Another important threat to mountain gorillas is habitat loss. Currently, there are two patches of protected afromontane forest cleared between the borders of Rwanda, Uganda, and the Democratic Republic of Congo with a total area of about 190 square miles for gorillas to roam freely (Rutagarama, 2001). The land in the confined area, though, will be pressured to provide agriculture for the plant-eating apes (Rutagarama, 2001). Limited natural resources leave the people living around the areas in competition with the gorilla population. Another problem with the confined area is that it has been fighting grounds for Rwandan forces in war, leaving undiscovered landmines, human feces, hazardous material, and weaponry to pose as threats (Rutagarama, 2001). The protected forest area, however, has been insecure for the safety of mountain gorillas during civil unrest in Africa.
After mountain gorillas were first discovered, over fifty were killed in the first two decades (Robbins et al., 2001). A mountain gorilla can stand nearly 6 feet tall, weigh up to 400 pounds, and live an average of 50 years, but their main predators are humans (Ngowi, 2002). Poaching has been a devastating threat to mountain gorillas’ survival. Poaching is the illegal hunting of animals. Some poach for game and others for incentive, as someone may pay them to poach. Several poaching incidents have been successful, but some have not. In January this year, for instance, an orphan mountain gorilla had been attempted to be poached, but Rwandan authorities caught two poachers in the act and arrested them before harming the animal (Sampere, 2005).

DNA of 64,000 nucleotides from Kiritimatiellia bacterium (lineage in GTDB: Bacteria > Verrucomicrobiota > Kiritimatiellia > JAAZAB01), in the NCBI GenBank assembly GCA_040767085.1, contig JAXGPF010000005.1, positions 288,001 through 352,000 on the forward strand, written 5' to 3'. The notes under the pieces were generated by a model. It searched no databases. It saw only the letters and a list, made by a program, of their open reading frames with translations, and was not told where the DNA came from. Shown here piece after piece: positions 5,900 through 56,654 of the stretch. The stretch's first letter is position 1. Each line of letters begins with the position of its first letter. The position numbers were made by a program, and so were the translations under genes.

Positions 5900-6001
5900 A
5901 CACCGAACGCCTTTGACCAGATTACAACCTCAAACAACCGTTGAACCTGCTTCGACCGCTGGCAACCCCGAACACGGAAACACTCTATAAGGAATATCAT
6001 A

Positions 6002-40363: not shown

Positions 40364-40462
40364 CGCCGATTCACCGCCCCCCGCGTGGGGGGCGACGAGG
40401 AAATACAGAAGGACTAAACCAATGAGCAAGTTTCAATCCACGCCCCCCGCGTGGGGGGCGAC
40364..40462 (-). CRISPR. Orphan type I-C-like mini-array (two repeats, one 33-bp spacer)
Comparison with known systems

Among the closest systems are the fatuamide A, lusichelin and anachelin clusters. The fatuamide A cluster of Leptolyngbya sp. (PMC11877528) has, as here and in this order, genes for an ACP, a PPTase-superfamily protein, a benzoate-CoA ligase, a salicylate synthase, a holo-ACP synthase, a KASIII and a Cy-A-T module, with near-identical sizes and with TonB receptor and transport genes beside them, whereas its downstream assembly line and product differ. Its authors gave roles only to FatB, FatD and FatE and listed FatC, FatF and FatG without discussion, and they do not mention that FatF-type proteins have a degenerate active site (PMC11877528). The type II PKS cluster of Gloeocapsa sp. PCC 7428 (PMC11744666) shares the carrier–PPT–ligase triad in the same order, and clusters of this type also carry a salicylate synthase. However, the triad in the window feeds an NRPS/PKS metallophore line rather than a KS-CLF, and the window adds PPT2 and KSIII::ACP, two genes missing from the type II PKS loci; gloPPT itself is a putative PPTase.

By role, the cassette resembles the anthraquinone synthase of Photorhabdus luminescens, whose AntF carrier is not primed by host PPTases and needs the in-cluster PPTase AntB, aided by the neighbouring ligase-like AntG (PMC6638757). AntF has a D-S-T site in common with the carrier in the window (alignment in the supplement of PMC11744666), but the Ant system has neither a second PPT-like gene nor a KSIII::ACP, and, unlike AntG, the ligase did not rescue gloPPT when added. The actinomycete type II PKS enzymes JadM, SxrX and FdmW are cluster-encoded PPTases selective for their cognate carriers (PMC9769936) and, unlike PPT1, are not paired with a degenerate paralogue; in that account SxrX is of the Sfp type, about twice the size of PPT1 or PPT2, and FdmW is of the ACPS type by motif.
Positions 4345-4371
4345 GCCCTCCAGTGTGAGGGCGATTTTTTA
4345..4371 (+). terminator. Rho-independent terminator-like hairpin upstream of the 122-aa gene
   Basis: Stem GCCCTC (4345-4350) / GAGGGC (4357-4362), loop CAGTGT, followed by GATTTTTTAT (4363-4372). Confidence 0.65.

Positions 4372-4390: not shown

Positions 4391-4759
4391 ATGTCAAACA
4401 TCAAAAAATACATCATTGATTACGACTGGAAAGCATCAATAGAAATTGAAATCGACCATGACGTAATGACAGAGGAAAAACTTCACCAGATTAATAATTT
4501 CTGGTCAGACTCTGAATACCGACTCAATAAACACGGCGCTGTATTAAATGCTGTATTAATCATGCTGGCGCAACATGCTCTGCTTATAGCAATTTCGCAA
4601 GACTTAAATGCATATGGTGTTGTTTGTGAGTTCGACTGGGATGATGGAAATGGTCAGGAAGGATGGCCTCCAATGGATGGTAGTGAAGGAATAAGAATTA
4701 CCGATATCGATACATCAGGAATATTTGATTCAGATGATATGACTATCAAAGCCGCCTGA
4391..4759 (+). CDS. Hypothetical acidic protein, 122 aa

The current population of mountain gorillas is roughly 700 (Ngowi, 2002). Though the numbers are small, many efforts continue to be made to protect these animals and promote conservation of their habitats. As mentioned earlier, Dian Fossey’s organization and center in Karisoke still fight against the practice of poaching. The International Gorilla Conservation Programme (IGCP) is formed by 3 international programs: World Wide Fund for Nature (WWF), African Wildlife Foundation (AWF), and Fauna and Flora International (FFI) (Ngowi, 2002). These organizations work to conserve land for mountain gorillas, promote sustainable agriculture for their diet, prevent infection from human exposure, and lessen other threats the animals face. There are various other organizations that work in collaboration with these organizations, keeping the safety and conservation of mountain gorillas in mind.
Ferber, D. (2000, August 25). Primatology: Human Diseases Threaten Great Apes. Science, 289, 1277-1278.
Ngowi, R. & Associated Press. (2002, October 17). Gorilla Thefts Threaten Survival. Congokin Forum. .
Robbins, M.M., Sicotte, P., & Stewart, K.J. (2001). Mountain Gorillas : Three Decades of Research at Karisoke. Cambridge, UK: Cambridge University Press.
Rutagarama, E. (2001, July). A conservation triumph: The Mountain Gorillas of Rwanda. Science in Africa, 7.
Sampere, E. (2005, January 27). Orphan Mountain Gorilla Confiscated from Poachers by Rwandan Authorities. African Wildlife Foundation/All Africa Global Media via COMTEX.
Von Beringe, A. (2002, June). On the Trail of the Man Who Discovered the Mountain Gorilla. Gorilla Journal, 24, 9-11.